Table 1:
Coordinates of sample stations in Kainji Lake
KL: Kainji Lake

Samples were acidified with 2 cm3 of 10% HNO3, this was placed in an icebox in order to stabilize the metal ions and prevent volatility of constituents14. This was transported to the laboratory for further analysis according to the procedure of ÖztÜrk et al.15. Table 1 shows various coordinates of the sampling station.

Determination of faecal coliforms using Most Probable Number (MPN) technique: Faecal coliform count was determined using the most probable number technique16. In the presumptive test three series of five tubes each containing 10, 1 and 0.1 mL portions of the sample were inoculated with sterilized macConkey broth. Pure sterilized macConkey broth was inoculated with sterilized distilled water to serve as a control. Inoculated tubes were then incubated at 37°C for 24 hrs. Using a sterilized wire loop, transfer was made from all tubes showing acid and gas production (an indication of the presence of total coliform) to tryptose bile broth (EC Broth) and incubated at 44.5°C for 24 hrs. Gas production in a fermentation tube within 24 hrs is considered as a positive reaction for faecal coliform.

The estimated number of faecal coliform present in 100 mL was read from a tabulated probability table using corresponding results of various combinations of positive and negative reactions from each of the three batches16.

In the confirmatory test, two loopful of broth from the positive tubes above were transferred to brilliant green lactose bile broth (BGLB) and incubated at 44.5oC. Gas formation after 24 hr is an indication of a positively confirmed test1.

In the completed test, with the help of a sterilized loop, positive growth from BGLB was streaked on eosin methylene blue (EMB) agar and incubated at 44.5°C for 24 hr according to the procedure of Nduka1. After 24 hr, colonies showing metallic sheen coloration and gram-negative rods on staining are indications of a positive completed test.

Bacterial identification: Bacterial identification was carried out using primary isolation media according to standard procedures8,17-20. Isolates obtained from primary isolation media were further screened biochemically using Microbact Identification Kits, 12A and 12B (MB1132A/ Australia).

Analysis of physicochemical parameters of water: The following physicochemical parameters were determined.

The temperature was determined in situ using mercury in a glass thermometer according to Emmanuel and Ayeni21. Dissolved oxygen (DO) was determined following Modified Winkler’s method according to the procedure of APHA14. Determination of BOD follows the same procedure as that of dissolved oxygen except that the sample bottles were covered with a thick black polythene bag and the samples after collection were allowed to stand for 5 days before titration. Transparency was measured using the Secchi disc and expressed in Centimeter.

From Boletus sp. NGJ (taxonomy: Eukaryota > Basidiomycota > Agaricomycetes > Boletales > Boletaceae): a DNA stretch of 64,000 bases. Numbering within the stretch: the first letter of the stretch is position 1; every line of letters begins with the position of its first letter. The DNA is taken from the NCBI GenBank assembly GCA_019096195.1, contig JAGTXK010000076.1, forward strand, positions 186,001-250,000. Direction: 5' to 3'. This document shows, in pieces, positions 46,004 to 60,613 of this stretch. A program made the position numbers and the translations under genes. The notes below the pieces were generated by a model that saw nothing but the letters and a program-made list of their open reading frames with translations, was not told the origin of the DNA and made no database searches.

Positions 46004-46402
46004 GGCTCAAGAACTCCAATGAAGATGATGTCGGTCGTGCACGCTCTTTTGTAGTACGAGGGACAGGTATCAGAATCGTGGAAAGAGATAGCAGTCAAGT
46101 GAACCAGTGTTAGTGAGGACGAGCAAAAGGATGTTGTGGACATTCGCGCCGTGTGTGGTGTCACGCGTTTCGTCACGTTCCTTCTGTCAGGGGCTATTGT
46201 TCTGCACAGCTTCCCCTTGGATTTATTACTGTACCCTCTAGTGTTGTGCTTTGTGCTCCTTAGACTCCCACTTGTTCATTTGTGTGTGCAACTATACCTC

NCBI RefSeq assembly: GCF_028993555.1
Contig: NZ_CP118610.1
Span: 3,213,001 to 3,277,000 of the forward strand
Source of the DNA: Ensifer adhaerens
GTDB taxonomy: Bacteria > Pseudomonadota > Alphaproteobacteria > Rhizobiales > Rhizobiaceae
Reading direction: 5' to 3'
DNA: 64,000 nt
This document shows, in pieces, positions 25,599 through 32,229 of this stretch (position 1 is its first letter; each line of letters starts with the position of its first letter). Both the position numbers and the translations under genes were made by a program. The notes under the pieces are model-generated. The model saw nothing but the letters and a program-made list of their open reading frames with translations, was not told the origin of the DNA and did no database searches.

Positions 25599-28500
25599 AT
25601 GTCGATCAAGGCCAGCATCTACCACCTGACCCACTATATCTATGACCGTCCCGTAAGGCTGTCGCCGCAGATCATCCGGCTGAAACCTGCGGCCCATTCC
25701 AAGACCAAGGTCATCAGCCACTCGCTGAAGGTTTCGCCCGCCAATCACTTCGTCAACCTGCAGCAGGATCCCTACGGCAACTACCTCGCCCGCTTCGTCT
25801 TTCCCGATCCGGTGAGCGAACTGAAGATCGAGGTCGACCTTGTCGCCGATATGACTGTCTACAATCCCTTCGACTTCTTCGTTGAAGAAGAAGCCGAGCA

Total alkalinity was determined according to the method of Abdolmajid and Sadeghi22 and expressed in mg L1. The conductivity test was carried out using a conductivity meter expressed in microsiemens/centimeter. pH was measured using Jenway pH meter.

Chemical analysis of nitrate-nitrogen (NO3-N) and phosphate was determined using the colorimetric method.

Sample preparation for determination of heavy metals: Water samples were digested according to APHA23. One hundred milliliters of water sample was transferred into a 125 mL conical flask. Five milliliters of concentrated HNO3 was added. The solution was allowed to boil slowly and evaporate on a hot plate to allow precipitation. Heating and addition of concentrated HNO3 continued until a light-colored clear solution was obtained. The sample was not allowed to dry during the digestion. The wall of the flask was rinsed with distilled water and the solution filtered. The filtrate was transferred into a 100 mL volumetric flask, diluted to the mark and mixed thoroughly. This was stored in a plastic vial prior to heavy metal determination. The portion of this solution was used for heavy metals determination using Atomic Absorption Spectrophotometer (PG instrument model, AA500 Spectrophotometer).

Determination of heavy metals: After digestion, the filtrate of each sample was thoroughly mixed and analyzed using atomic absorption spectrophotometer (PG instrument model, AA500 Spectrophotometer). A standard solution of each of the heavy metal determined was prepared from their salts. Reagent blank was similarly prepared. The atomic absorption spectrophotometer was set at optimum conditions for maximum absorbance signal at the wavelength of each element and this was used to determine the concentration of each element in the samples, standards and the blanks. The concentration for each of the elements was obtained based on Beer Lambert’s law24, which states that absorbance is directly proportional to the concentration of metal at a particular wavelength. The standard calibration curve was drawn using signals (absorbance) of the standard solutions of each element. Concentrations of elements in the samples were determined by extrapolation of the absorbance on the calibration curve.